You may have seen the advertisements for the Subaru Legacy Sports Tourer and Outback with the tag line, ‘It’s here’ - the world’s first boxer diesel-engined passenger car.
You may have seen the advertisements for the Subaru Legacy Sports Tourer and Outback with the tag line, ‘It’s here’ - the world’s first boxer diesel-engined passenger car. But what is all the fuss about?
It’s all about symmetry, smoothness and economy but I’ll start with an explanation of the so-called ‘Boxer’ engine. It is also known as a horizontally opposed cylinder engine, which is a bit of a mouthful but provides something of a clue as to how it works. Whereas, in the more common layout, the pistons move up and down inside upright cylinders, in a boxer engine they are positioned sideways, working off a single crankshaft in between. The name ‘boxer, came about because of the action of each pair of pistons, moving simultaneously, mimic the punching actions of a boxer.
To see it in action is a thing of beauty as the sideways movement and synchronisation of the pistons is much smoother than in a more conventional engine and almost hypnotic. It also means that a balance shaft or counterweight on the crankshaft is not needed to counteract the weight of the reciprocating parts, making it lighter and less complicated.
So, this form of petrol engine is inherently smooth, efficient and relatively quiet but in developing the diesel version, Subaru has taken it a step further. Initially, the boxer diesel will only be used in cars bound for the European market and particularly the UK where 40 per cent of cars sold are diesels. So, it made sense to join in and gain a share in the market.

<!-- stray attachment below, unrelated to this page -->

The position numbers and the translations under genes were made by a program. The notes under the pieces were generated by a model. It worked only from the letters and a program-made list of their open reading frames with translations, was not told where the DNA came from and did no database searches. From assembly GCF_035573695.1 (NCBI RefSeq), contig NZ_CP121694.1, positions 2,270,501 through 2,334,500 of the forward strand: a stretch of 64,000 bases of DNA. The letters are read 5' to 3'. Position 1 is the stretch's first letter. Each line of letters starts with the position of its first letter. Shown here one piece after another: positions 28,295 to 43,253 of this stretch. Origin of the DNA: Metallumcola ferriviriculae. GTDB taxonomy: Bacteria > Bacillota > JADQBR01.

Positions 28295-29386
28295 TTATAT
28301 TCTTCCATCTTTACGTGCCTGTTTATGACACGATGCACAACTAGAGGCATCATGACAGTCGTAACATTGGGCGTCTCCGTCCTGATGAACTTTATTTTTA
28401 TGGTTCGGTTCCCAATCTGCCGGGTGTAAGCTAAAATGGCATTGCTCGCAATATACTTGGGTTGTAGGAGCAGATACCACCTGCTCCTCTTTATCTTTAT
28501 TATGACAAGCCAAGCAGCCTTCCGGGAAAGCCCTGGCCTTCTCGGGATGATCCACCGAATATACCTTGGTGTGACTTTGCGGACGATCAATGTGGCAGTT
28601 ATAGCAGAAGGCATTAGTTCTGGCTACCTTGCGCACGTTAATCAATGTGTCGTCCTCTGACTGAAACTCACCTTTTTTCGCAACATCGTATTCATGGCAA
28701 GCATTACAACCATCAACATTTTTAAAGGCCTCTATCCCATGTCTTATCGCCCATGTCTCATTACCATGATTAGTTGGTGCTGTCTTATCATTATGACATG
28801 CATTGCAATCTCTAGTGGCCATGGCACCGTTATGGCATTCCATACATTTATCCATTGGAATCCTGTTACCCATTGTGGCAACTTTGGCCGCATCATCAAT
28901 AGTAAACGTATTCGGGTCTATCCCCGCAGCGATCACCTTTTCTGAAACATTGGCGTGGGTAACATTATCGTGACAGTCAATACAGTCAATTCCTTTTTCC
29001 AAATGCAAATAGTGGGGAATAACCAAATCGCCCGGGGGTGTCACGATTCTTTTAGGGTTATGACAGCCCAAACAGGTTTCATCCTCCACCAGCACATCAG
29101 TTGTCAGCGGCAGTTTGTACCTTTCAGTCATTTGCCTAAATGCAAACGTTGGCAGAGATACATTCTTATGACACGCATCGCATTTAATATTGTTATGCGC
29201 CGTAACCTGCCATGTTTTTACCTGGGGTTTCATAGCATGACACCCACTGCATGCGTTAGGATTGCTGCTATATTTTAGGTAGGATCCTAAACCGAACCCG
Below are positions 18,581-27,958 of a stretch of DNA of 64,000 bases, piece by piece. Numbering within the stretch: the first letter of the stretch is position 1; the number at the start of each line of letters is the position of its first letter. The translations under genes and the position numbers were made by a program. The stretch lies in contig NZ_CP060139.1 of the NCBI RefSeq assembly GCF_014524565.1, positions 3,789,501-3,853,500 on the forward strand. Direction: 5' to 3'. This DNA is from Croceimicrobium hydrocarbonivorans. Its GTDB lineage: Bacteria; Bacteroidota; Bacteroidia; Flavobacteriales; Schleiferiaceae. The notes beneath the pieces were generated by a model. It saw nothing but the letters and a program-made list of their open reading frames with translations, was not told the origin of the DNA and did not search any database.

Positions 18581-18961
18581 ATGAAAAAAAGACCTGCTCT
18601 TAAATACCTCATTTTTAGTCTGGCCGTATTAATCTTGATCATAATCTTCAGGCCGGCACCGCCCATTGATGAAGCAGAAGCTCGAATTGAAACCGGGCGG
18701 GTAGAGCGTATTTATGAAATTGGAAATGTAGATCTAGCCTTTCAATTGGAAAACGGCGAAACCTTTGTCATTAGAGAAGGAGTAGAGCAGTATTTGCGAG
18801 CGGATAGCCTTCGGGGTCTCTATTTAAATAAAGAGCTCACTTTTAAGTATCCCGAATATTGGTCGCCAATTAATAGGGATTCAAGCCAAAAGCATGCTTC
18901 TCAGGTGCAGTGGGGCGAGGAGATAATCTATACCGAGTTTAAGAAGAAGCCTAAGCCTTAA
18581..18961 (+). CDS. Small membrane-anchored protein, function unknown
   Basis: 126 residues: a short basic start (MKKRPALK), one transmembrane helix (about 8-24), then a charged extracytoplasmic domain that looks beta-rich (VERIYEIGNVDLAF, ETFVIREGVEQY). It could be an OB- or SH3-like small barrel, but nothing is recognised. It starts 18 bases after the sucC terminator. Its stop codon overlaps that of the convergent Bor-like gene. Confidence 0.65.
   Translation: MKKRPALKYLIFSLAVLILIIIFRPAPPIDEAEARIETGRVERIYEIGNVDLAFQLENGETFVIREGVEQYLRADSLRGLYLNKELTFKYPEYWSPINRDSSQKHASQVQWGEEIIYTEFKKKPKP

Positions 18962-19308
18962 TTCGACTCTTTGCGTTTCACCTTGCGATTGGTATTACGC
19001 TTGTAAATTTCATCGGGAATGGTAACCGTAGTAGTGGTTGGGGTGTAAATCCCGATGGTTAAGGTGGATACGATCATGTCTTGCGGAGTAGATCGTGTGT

The result is a 2.0-litre, 4-cylinder unit, which is lightweight, compact and strong. Furthermore, the engine and transmission are mounted low, in a line and kept within the wheelbase for more efficient working, a low centre of gravity and better dynamics on the road.
In order to make the most of the new engine, there had to be a few modifications. For instance, the 5-speed manual gearbox has higher ratios to cope with the extra torque and lower engine speeds; the front springs have been tweaked to suit and the power steering is now electric, which helps to increase the fuel economy.
Long gone are the days when diesel-engined cars were slow, lumpy, for want of a better word, and just plain smelly. This common-rail, direct injection unit has a variable nozzle turbocharger, an inter cooler, a particulate filter, catalytic converters and exhaust gas re circulation, which allows it to meet Euro4 emission standards.
Subaru Legacy Road Test Data
|Model Reviewed||Subaru Legacy Sports Tourer 2.0D REn|
|Colour||Steel Silver Metallic|
|Performance (manufacturers data)|
|0 - 62 mph||8.9 Seconds|
|Top Speed||126 mph|
|CO2 Emissions (NEDC Figures)||g/km|
|Economy (NEDC Figures)|
|Extra Urban||55.4 mpg|
|Euro NCAP Rating||TBA|
|Warranty||3-Years / 60,000 Miles|
|Price (when tested on the 01/09/08)||£23,655|